In the three paintings reviewed here, Simbule’s horizontal perspectives can be easily sliced into layers because they have a deceptively naïve composition that is further accentuated by the geometric nature of his subject matter as well as the flatness of colours and occasional disregard for tonal gradation.
|The Club (2013), oil on board by Christopher Simbule|
Simbule is in fact a multi-media artist who is also a worthy sculptor that works with found objects and papier-mâché from time to time, but depending on his mood or drive, he will switch from painting to other materials.
As for his proficiency, the artist can boast a solid art foundation having attended the Mzilikazi Art Centre in Bulawayo, Zimbabwe where he attained a two-year Fine Art Diploma in 1992. For the record, this is the art centre that laid the ground for the late Zambian virtuoso Henry Tayali who showed there between 1964 and 1965 at the age of 15 becoming the first African to exhibit in Bulawayo. Like Tayali, Simbule is testament to the long existent cross-pollination between the Zimbabwean and Zambian art scenes.
Before attending Mzilikazi, Simbule attended Founders High School which he explains laid a very strong emphasis on art education. Born to a Zambian father and Zimbabwean mother, Simbule and his siblings moved to Zimbabwe when his parents divorced, but his stay in Zimbabwe would end up being a good turn on his part.“The goodness when I was in secondary school in Zimbabwe, we had a full, professional art studio, right in the school that we used to attend four times a week. Also every week we used to display our work at Mthwakazi Youth Centre,” he explains.
He says in Zimbabwe every township had a youth centre where art would be displayed regularly and this is what gave him gallery confidence. By the time he started exhibiting in the Bulawayo and Harare National galleries after college, he had already gained confidence as an artist. He recalls it was shortly after this period when he decided to return to Zambia to see his father, now a retired Zambia Airforce pilot who was flying local routes with Zambia Airways.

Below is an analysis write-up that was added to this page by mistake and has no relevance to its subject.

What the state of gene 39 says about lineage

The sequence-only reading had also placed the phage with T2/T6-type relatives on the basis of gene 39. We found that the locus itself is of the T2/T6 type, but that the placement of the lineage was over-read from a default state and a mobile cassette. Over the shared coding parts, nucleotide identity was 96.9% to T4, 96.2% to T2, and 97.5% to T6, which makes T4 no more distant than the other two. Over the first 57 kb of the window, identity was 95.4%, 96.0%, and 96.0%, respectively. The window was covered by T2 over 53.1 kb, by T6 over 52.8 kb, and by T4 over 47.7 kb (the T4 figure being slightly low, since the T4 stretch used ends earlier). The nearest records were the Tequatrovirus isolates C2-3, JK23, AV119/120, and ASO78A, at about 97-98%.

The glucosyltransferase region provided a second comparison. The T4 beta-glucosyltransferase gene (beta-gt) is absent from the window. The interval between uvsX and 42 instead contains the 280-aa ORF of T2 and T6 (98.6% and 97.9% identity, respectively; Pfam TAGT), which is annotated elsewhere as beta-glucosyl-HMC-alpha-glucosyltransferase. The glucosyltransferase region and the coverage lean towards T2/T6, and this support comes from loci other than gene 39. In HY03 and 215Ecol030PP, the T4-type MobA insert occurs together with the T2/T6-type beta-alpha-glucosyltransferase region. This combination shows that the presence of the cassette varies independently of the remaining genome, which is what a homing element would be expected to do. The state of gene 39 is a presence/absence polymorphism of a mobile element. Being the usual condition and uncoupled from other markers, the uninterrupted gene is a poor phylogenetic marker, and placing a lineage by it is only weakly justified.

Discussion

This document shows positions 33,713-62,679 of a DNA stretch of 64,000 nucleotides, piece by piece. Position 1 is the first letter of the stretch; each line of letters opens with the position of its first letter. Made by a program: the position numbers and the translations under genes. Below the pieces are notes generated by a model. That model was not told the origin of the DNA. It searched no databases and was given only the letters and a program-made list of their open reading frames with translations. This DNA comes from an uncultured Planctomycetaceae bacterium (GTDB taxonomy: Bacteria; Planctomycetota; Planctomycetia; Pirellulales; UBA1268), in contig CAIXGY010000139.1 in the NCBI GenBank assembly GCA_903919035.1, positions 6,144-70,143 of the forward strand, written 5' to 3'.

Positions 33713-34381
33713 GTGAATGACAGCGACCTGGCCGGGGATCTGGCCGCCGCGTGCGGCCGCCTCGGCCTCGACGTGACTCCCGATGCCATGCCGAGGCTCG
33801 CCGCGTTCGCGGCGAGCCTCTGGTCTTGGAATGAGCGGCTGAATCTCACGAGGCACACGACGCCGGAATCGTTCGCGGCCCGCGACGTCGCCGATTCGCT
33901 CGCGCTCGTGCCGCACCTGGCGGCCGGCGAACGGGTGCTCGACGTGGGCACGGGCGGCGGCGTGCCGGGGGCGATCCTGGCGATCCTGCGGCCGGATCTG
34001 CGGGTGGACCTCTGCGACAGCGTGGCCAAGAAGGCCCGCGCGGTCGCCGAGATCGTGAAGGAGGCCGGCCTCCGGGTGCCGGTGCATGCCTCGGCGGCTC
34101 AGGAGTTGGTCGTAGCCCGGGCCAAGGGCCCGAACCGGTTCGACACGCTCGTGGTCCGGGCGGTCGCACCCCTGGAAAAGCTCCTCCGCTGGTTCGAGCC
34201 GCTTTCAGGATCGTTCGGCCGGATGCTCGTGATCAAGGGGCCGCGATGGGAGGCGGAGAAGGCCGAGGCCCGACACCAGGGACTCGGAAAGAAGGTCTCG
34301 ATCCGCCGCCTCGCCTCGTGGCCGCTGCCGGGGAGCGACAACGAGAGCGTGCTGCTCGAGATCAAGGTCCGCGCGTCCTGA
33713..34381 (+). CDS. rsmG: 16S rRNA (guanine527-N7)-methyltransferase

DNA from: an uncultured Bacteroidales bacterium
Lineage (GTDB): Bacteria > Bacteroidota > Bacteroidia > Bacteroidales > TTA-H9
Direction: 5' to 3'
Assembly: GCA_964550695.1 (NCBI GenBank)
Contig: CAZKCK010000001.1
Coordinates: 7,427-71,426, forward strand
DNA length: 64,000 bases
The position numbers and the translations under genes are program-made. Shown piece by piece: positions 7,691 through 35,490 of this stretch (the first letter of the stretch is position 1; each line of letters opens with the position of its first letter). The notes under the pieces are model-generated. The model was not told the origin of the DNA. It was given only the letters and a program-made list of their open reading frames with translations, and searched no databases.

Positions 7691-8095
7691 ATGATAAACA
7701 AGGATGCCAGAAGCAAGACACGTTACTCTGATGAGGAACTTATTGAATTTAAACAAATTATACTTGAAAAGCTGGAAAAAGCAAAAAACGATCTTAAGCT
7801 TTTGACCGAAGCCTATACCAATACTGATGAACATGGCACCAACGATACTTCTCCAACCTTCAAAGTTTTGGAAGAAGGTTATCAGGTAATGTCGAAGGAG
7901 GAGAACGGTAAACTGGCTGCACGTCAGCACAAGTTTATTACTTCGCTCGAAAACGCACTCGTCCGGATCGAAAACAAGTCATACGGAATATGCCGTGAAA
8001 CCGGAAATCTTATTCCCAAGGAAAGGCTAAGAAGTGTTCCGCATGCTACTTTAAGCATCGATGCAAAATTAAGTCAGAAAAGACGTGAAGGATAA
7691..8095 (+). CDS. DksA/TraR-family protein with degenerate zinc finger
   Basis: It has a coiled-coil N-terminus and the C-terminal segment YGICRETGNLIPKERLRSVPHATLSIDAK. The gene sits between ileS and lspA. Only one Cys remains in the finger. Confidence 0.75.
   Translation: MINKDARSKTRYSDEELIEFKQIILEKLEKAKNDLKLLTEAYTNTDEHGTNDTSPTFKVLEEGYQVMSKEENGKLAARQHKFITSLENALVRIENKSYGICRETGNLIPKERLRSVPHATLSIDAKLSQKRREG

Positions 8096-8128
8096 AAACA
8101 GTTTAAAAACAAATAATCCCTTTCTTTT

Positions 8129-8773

“I remember it just like yesterday when my father took me to the Lusaka show grounds to show me where my fellow artists were found. It was Valentine’s Day 1993 on a Sunday just like this year. This was my first time at the Henry Tayali Gallery,” he recalls.
|Untitled cityscape (2015) oil and acrylic |
on board by Christopher Simbule
He remembers being received warmly by the senior artists who were still trying to get the building expanded at the time; these were the early days of the Visual Arts Council (VAC).“Even though they were busy they were all very good to me. Most of them are late deceased now. All the legends Martin Phiri, Godfrey Setti, Eddie Mubanga and Lutanda Mwamba. Its only David Chirwa and Smart Banda who are still alive. Smart was the gallery attendant and he was ordered to show me around,” he says.
He recalls that he immediately enrolled with Imiti Ikula Empanga (loosely today’s seedlings are tomorrows forests), VAC’s youth programme where the founding chairman, Phiri would personally assist the group with free materials.“A was having a nice time working at VAC but a year later, my father died and I found myself disorganized always traveling from Zambia to Zimbabwe trying to get things right. I haven’t been to Zimbabwe since 2000 though,” he says.
Simbule was born in Mbala in 1971, he is a happily married father of four girls and like his late mother, and his wife is a medical practitioner. Dependant on art alone, one can only imagine how he gets by with huge family obligations, seeing there are no support structures for artists like him no matter how gifted you are. How artists survive in between the sale of a painting remains a mystery. All works shown here can be viewed and purchased from the VAC at the Henry Tayali Gallery in the Lusaka showgrounds.